5 Most Destructive Styles of Communication in Marriage
We all have unique communication styles influenced by our age, personality and culture among other factors. Our communication styles affect the way we share and receive information with others.
Unfortunately, not all styles are beneficial when it comes to communication in marriage. Some styles can be harmful to your relationship with your spouse. Here is a list of five of the most harmful communication styles in marriage.
It is important to remain issue-specific when expressing dissatisfaction or frustration. Generalizing dissatisfaction by using words such as always, never, nothing and everything only adds fuel to the fire. For instance, if your spouse forgets to pick up something from the store, refrain from saying things like “you always forget.” Similarly, when expressing dissatisfaction with your spouse’s behavior, steer clear from personality trait labels such as “insensitive” or “lazy.” Instead, refer to the specific behavior and, if possible, incident that is bothering you.
2. Interrupting and dominating the conversation
Listening is an important part of communication in relationships. Unfortunately, some people are not good listeners. When the other person is speaking, they are busy thinking about what they are going to say next. They often interrupt when their partner is speaking or simply dominate the conversation without giving their spouse a chance to speak. This behavior is destructive as it communicates that they are not interested in what their spouses have to say.
3. Bringing up ancient history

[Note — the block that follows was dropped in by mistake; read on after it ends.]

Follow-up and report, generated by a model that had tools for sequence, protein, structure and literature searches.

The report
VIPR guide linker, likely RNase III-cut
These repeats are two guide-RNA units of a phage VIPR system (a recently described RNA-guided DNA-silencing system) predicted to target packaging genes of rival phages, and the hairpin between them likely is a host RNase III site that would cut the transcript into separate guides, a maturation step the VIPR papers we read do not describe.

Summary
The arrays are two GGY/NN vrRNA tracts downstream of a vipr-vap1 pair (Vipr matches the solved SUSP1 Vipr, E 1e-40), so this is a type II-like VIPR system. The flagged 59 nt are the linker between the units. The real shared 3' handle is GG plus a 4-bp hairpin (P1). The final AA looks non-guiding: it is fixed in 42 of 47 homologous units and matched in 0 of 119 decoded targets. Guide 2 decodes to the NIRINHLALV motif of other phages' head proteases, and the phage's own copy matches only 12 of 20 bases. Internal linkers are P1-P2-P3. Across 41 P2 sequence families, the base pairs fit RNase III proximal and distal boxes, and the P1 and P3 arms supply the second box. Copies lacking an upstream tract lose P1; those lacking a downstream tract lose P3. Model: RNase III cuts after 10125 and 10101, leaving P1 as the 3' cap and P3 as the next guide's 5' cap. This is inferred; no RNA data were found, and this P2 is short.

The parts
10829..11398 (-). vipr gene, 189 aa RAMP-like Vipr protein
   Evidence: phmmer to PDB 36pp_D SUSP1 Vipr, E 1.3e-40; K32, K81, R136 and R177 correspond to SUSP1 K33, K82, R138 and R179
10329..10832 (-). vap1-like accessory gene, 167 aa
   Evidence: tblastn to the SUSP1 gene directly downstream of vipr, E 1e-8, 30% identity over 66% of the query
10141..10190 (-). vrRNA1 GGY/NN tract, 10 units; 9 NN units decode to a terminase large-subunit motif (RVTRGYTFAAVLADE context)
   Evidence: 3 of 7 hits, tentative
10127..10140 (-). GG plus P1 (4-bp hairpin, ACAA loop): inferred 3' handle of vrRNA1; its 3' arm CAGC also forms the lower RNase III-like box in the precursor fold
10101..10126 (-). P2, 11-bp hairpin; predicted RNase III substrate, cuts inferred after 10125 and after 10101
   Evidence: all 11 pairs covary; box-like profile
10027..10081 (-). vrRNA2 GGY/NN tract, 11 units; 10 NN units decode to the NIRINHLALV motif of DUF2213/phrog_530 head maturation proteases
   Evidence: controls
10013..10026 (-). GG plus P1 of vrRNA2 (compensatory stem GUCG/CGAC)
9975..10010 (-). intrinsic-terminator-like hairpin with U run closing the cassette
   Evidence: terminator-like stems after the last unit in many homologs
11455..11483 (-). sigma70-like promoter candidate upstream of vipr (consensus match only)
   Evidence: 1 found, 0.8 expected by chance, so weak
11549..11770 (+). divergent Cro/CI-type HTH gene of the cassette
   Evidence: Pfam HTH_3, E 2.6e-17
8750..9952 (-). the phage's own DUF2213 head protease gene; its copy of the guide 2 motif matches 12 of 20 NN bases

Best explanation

Some people love using the past to back their arguments. They act like prosecuting attorneys – bringing up past actions and marital problems in attempt to “establish a pattern.” They then attempt to predict the future using the past as a baseline. Unfortunately, this only serves to open up old wounds and make the future appear bleaker than it probably is.
To succeed in marriage, you must learn how to solve conflicts in the present. Bringing up the past may be a winning strategy, but it not the best conflict resolution strategy or style of communication in marriage.
4. Over-intellectualizing emotions
Some people are able to express their feelings and emotions openly while others see emotions as a sign of weakness. Those who see emotion as weakness often try to intellectualize their feelings. For instance, instead of showing concern for their spouse, they may try to intellectualize their concern and instead point out what their spouse did wrong. Intellectualizers are often seen to be cold and insensitive but the truth is that they just don’t know how to express their feelings.
5. Expecting spouses to be mind readers
Too many people operate under the assumption that if their partners love them, they will automatically be attuned to their feelings and needs. They may say “if you loved me, you’d know.” This attitude is destructive since spouses are not mind readers and have no way of discerning unexpressed expectations. Every person must take responsibility for their own happiness and openly express their feelings, needs and desires.
If you want improve communication in your marriage, you need to steer clear of the destructive styles of communication in marriage described here.